While it is possible to become a caddie without any formal training, most posh greens, like those that host the Masters, want caddies with training. Pro golfers depend on the caddies for much more than carrying their clubs. It's a partnership that can only be achieved with proper training on the caddie's part.
The Professional Caddies Association (PCA)
The PCA offers a Caddies Certification Program. According to the PCA website, a potential caddie will go through three courses before receiving the certification. The first course is called the PCA Worldwide Apprenticeship.
The program covers the history of golf and prepares the student with an introduction to caddying as well as the responsibilities required. The second course is called PCA Worldwide Graduate Program. The student will take what he learnt in the classroom and apply it out on the green.
The PCA sets the student up on a golf course that is PCA-approved. After completing the apprenticeship, the student will advance to the final course, The PCA Worldwide Graduate Program, where he'll be placed at a top-notch golf course and other Master Caddies will show him the trick of the trade.
According to CaddieMasters, a popular outsourcing caddie service in Florida, a caddie is responsible for taking care of the golfer. He will assist the golfer in calculating yardage and decision making, while also locating lost balls and keeping the clubs clean.
CaddieMasters also provided a list of qualifications a potential caddie must exhibit to be considered eligible for the job. Since a caddie helps a golfer with decision making, he must be knowledgeable in the game of golf. A golfer will look to his caddie for advice ranging from which club to use to which angle to putt. An outgoing and friendly personality is also a must have. Physical strength and endurance is important to the position as well. Caddying is a physically demanding job that requires heavy lifting and long amounts of time on your feet.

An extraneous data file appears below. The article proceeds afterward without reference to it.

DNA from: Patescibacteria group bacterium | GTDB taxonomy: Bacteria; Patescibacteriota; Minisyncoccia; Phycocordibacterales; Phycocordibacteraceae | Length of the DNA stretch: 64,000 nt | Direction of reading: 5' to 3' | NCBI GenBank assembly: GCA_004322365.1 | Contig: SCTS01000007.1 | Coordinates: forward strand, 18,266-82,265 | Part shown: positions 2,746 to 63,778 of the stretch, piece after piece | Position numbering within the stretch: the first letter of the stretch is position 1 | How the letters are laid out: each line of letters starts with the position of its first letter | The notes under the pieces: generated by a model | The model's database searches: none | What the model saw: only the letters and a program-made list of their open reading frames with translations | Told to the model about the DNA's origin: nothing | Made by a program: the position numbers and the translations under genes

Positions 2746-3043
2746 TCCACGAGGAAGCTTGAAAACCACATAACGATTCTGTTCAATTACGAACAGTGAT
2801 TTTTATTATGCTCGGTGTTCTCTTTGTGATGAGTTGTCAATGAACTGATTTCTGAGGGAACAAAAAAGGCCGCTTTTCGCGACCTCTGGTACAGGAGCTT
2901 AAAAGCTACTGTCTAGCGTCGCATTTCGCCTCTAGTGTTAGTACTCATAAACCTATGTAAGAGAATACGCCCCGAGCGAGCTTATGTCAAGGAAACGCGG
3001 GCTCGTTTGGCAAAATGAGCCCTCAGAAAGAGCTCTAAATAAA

Types of Caddying
There are two types of caddie positions, caddying and forecaddying. When the caddie carries the bags for the golfer and walks with him, he is caddying. When the caddie forgoes carrying the bags to ride ahead in a cart and preps the field, he is forecaddying, according to CaddyMaster.
According to the PCA, caddies have been a valuable part of golf for the past 500 years. In the 19th century, caddies were essential to golf. A typical 19th century golf course was nothing more than a large field with overgrown grass. Player usually needed two caddies, one to carry the clubs and one to mark where the ball landed. Back then balls were made of leather and feathers and expensive. It was the caddie's duty to find the balls and keep them from getting wet.